As the state awaits an announcement from Governor Sununu on schools reopening, New Hampshire mayors say they’re moving forward with plans for next year.
NOTE: On July 14, Sununu released the state's guidance for reopening New Hampshire schools. You can find more on that here.
Mayor Bob Carrier of Dover says he won’t be waiting until the last minute. Instead, he says, local officials have been proactively planning what next year will look like.
“It could be staggered classrooms, bussing only up to 11 people possibly,” he says. “Double bus routes. It could be, you know, different time frames. They’re working on that as we speak.”
Mayors Jim Donchess of Nashua and Joyce Craig of Manchester both say their cities will likely adopt a hybrid system, with some instruction taking place in the classroom, and some taking place online.
But, with revenue shortfalls on the horizon, Craig says she’s concerned about the increased cost of operating schools during a pandemic.
“Our public schools in Manchester are getting about $5.8 million dollars in CARES Act funding, which sounds like a lot,” she says. “However, we have about 14,000 students, 22 buildings, and almost 2,000 faculty and staff in our district.”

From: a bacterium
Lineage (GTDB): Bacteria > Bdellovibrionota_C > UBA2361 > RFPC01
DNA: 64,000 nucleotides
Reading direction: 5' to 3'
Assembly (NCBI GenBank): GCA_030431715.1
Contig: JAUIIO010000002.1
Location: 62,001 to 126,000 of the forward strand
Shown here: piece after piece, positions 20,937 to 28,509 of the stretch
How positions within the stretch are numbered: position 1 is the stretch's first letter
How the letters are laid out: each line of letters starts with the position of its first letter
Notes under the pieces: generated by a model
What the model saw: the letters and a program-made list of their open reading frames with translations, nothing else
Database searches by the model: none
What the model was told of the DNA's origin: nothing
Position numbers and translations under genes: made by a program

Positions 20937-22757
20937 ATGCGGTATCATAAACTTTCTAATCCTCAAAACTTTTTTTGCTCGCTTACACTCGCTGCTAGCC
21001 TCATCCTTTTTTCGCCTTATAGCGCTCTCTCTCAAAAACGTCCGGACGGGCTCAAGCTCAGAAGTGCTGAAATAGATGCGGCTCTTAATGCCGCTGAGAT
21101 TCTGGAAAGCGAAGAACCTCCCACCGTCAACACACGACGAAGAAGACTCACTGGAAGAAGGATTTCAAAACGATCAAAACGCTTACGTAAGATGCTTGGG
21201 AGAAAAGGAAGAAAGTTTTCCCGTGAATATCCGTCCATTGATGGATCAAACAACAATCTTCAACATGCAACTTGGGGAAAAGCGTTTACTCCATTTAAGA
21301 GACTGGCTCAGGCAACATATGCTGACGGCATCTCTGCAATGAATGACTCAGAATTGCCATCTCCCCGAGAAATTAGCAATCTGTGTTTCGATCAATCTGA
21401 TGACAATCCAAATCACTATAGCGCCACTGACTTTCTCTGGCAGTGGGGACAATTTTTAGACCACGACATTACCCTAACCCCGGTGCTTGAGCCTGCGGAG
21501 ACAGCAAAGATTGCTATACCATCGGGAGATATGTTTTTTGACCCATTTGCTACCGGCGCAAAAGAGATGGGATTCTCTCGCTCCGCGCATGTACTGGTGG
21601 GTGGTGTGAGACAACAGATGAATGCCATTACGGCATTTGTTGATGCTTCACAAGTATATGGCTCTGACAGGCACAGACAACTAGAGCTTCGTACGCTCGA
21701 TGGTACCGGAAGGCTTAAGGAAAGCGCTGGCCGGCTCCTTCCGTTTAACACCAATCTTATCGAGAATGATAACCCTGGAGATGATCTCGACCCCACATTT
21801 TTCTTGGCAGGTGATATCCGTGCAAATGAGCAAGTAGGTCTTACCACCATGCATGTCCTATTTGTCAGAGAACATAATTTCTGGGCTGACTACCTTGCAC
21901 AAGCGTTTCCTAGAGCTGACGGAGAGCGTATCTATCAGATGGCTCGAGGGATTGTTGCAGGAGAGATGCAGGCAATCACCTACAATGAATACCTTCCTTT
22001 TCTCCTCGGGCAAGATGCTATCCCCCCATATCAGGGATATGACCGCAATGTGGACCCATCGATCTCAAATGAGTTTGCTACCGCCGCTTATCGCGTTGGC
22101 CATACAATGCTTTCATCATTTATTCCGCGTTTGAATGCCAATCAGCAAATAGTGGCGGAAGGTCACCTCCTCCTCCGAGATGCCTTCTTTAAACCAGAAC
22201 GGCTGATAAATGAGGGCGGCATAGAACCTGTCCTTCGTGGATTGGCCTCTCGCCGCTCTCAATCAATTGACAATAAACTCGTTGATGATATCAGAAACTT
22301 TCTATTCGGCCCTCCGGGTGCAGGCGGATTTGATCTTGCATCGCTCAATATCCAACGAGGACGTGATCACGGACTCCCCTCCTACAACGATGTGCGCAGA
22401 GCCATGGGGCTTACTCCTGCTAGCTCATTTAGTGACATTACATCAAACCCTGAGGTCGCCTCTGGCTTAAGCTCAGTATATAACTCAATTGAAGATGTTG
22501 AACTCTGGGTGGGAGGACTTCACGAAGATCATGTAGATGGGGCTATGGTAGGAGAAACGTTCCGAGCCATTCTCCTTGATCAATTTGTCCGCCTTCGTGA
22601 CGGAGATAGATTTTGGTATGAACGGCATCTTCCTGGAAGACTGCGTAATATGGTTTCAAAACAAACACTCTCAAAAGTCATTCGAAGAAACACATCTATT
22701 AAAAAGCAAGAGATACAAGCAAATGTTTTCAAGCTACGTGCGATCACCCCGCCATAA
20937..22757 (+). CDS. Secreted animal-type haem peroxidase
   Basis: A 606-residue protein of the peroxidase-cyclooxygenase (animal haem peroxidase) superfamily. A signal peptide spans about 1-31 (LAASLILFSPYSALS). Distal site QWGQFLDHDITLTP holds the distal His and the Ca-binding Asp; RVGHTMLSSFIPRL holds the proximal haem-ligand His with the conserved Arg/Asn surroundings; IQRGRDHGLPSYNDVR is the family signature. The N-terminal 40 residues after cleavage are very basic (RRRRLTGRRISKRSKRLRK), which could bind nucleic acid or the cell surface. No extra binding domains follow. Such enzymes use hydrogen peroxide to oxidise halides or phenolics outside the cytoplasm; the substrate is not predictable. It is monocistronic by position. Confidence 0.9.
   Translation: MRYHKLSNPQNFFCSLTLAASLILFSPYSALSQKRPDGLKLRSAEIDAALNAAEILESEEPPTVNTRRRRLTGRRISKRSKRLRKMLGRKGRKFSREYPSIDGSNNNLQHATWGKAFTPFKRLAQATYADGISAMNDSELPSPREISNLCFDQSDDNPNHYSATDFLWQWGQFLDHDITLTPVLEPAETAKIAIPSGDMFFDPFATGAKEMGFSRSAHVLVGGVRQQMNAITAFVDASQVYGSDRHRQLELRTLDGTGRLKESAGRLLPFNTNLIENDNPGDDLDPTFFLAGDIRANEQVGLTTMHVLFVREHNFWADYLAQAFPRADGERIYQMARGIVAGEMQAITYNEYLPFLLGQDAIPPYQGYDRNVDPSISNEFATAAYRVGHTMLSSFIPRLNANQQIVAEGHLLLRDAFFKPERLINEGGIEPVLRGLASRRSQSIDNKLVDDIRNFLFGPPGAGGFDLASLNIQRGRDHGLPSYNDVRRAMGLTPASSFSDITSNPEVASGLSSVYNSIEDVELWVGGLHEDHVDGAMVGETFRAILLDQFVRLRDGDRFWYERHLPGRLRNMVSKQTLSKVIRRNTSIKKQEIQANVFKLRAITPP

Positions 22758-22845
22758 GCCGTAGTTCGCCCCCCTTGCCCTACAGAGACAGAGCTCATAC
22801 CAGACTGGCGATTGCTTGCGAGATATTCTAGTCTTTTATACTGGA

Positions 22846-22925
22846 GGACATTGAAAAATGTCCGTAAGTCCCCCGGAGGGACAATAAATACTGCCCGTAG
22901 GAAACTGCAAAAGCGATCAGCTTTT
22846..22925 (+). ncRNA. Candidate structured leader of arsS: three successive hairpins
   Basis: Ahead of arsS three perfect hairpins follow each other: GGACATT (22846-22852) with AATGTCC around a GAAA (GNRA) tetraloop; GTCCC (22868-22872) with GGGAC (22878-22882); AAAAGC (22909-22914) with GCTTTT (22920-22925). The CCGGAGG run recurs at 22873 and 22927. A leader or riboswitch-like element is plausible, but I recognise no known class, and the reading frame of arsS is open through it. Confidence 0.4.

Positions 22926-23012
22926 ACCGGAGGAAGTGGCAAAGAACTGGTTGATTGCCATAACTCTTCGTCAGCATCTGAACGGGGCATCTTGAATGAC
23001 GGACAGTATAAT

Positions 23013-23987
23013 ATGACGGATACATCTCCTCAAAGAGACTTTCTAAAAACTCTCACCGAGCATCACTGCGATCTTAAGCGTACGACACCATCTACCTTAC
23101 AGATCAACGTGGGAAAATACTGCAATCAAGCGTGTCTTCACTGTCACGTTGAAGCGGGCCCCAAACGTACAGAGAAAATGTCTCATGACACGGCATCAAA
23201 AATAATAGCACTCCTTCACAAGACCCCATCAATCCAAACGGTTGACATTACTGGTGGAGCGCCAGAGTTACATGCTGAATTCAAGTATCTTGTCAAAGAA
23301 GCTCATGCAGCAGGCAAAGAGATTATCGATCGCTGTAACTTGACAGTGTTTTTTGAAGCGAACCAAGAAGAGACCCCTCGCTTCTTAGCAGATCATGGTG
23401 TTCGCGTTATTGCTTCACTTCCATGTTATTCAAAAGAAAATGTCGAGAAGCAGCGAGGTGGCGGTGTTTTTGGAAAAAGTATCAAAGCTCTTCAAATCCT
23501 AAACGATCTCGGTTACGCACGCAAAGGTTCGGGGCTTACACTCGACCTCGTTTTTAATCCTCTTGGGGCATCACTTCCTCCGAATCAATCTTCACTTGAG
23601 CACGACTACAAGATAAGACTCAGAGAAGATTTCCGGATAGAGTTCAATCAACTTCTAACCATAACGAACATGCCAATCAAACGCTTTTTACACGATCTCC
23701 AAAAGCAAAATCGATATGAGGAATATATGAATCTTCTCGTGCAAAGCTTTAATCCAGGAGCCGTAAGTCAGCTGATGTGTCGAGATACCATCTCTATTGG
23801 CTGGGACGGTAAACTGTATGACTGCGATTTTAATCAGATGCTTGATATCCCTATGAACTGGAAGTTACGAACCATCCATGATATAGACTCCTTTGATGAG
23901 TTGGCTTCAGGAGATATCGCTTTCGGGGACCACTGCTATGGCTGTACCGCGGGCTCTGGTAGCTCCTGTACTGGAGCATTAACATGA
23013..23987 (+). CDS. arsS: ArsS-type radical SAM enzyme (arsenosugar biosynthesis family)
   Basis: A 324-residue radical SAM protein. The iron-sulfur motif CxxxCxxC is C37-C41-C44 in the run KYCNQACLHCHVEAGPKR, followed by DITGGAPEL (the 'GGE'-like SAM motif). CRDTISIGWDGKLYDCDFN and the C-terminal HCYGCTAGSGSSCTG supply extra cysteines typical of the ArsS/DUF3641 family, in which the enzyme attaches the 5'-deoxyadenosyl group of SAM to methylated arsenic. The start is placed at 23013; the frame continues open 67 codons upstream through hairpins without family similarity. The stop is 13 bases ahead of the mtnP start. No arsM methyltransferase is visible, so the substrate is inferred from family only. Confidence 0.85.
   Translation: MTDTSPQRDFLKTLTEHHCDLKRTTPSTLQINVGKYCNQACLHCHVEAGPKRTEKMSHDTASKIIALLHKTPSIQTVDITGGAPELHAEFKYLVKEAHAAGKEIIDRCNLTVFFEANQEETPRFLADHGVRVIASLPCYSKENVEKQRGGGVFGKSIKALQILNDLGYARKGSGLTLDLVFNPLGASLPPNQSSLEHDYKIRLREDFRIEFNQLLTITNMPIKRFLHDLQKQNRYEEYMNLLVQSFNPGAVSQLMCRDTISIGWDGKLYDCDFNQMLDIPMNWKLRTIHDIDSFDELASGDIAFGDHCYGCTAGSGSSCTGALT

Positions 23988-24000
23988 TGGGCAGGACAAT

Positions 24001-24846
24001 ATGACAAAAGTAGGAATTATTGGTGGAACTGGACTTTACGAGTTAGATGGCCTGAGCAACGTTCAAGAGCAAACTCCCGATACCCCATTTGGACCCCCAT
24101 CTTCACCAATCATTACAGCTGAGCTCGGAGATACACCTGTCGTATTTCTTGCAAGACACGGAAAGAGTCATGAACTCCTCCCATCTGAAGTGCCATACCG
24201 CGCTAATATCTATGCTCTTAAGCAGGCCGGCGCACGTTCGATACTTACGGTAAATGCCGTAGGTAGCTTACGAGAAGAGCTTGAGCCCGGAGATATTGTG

She says most of that money go towards increased transportation costs, with fewer children allowed on each school bus. But, she says, more money will be needed to cover costs associated with special education, technology, sanitation, PPE, and HVAC filtering.
PPE costs are also a concern for Mayor Caroline McCarley of Rochester who says she was told by the Governor that when schools reopen, they will be responsible for the full cost of PPE.
McCarley says this came as a surprise.
“I would have presumed there was going to be more money relative to the school system and the cost of PPE,” she says. “So, do I know if it’s a concern yet? No. But I am worried about another expense that appears to be presumed at the local level.”
Governor Sununu is expected to make his announcement about school reopening later this week. The state's guidelines are expected to be broad and leave the final decisions about reopening up to local school districts.
New Hampshire's largest teachers' union, the NEA-NH, says they're going to fight efforts to reopen schools until they know they're safe and are following guidance from medical professionals.